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It is no small irony that MoMA’s argument for demolishing the American Folk Art Museum and its critics’ argument for preserving it both hinge on the notion that the abandoned building is “bespoke,” an object of exceptional quality, made from scratch to the demands of a specific client. For MoMA, it is the building’s specificity as a unique design response to a program that no longer inhabits the site that renders the structure “useless,” or more properly, “unreutilizable.” For the building’s defenders it is this same specificity, in the building’s form and materials, that renders the A.F.A.M. a structure worth saving, even if its reuse were to encumber MoMA’s expansion plans. That both sides can proceed from the same characterization to diametrically opposed conclusions reflects an underlying disagreement about what museum architecture should be, leavened with the political expediency and bad faith that typifies the city’s high-stakes urbanism. But the debate also raises larger questions about how any museum building balances two competing imperatives, the first having to do with its programmatic mission and the second with how that mission is formally expressed in the fabric of the city.

MoMA’s argument for demolition implicitly makes the larger case that its own institutional mission—presenting and interpreting its collection to the widest possible public—should trump any given architectural constraint. This is the age-old argument for adaptability and flexible exhibition space in the service of an evolving collection, the future demands of which can never be fully anticipated. The MoMA campus itself is the best illustration of this program-driven conception of architectural merit: the iconic Goodwin-Stone building of 1939, arguably still today the symbolic face of the museum, has been remade on at least six occasions, with the wholesale redesign of its façades, radical reworking of its circulation, and a virtually endless reshuffling of galleries, shops, and restaurants throughout its loft-like bays. The banality of the original building and the simplicity of its construction, the argument goes, have allowed it to evolve, and its gallery spaces—white, evenly lit, flexible in layout, and flat in affect—have been systematically readapted to the dictates of its curators. This would seem a resounding affirmation of the neutral architectural frame, the “off the rack” suit of clothes that can be tucked in or let out as fashions change and as the body institutional slowly bloats with age.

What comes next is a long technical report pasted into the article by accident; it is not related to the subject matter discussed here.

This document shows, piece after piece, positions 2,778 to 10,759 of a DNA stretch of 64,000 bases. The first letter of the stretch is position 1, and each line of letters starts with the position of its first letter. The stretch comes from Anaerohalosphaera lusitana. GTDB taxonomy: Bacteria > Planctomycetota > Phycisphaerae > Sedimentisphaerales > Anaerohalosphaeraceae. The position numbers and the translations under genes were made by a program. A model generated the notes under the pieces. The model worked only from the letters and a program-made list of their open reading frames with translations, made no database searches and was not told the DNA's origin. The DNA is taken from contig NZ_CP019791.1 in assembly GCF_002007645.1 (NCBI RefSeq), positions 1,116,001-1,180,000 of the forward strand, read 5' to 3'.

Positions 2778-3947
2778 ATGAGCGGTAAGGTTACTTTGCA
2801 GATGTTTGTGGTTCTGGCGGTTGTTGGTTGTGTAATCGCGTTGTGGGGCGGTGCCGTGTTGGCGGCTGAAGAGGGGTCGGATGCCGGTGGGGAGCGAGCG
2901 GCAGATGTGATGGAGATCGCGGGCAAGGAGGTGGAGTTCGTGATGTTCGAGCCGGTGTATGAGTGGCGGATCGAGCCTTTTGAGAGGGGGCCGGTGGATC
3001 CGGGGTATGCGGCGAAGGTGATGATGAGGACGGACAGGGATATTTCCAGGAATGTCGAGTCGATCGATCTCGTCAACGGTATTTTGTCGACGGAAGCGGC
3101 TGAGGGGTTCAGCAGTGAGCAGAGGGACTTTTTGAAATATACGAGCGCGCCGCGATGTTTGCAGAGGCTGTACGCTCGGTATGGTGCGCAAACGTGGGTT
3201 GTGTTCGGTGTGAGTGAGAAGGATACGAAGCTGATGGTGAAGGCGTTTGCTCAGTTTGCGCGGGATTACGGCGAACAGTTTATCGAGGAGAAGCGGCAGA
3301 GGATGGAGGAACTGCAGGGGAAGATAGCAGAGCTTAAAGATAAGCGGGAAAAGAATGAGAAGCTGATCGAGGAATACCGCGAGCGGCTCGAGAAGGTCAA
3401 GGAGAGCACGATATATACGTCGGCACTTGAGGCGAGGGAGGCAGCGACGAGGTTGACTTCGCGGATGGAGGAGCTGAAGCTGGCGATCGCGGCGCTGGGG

But curiously, during the last expansion MoMA chose to restore the 53rd Street façade and entrance lobby to their original 1939 design, which had been slowly effaced first by Philip Johnson in the ’60s and ’70s and then by Cesar Pelli & Associates in the ’80s. Thus, a late Deco-Moderne aesthetic was carefully recreated in obsolete materials, with no programmatic justification and at enormous expense, to revive MoMA’s original, symbolic representation of itself. Other bits of historical restoration were also folded into the general Yoshio Taniguchi redesign, including a new board room that carefully reinterpreted a lost and long-lamented earlier design by Johnson from the ’60s. And such historcism still seems to be on the agenda: Diller Scofidio + Renfro have announced their intention to “restore” the full six-story run of the famous “Bauhaus,” not to satisfy any programmatic objective, but as a way of reinforcing the iconicity of the original Goodwin-Stone design. Here we have the spectacle of the museum curating its own historiography, even if it takes an ersatz reproduction to do it.

How the Folk Art building might best have been added to this mix is an open question. MoMA’s opponents argue for Folk Art’s status as architecture without reference to use and fall into two subgroups: those who insist that the building as a whole constitutes a work of art that must be kept intact, and those who concede that some accommodation to new use might be made to hold onto those parts of the design that seem “iconic” in their own right. The first group attacks MoMA as failing its institutional mission by not preserving and “collecting” the empty building as an intact architectural object, and then adapting its own expansion program to fit. The second group places the argument in a broader context and asserts that, taken as an urban artifact, not all parts of the Folk Art building have the same meaning: massing, exterior form, and especially façade matter more than use, interior volumes, and past programs. This position affirms that the exterior of the building shapes public space and that public space has a different and more widely shared importance than private use. As a consequence, the “preservation” of A.F.A.M. would actually entail a very careful disassembling and remaking of some of its parts, with new spaces and uses for MoMA designed behind a restored version of the artisanal bronze façade.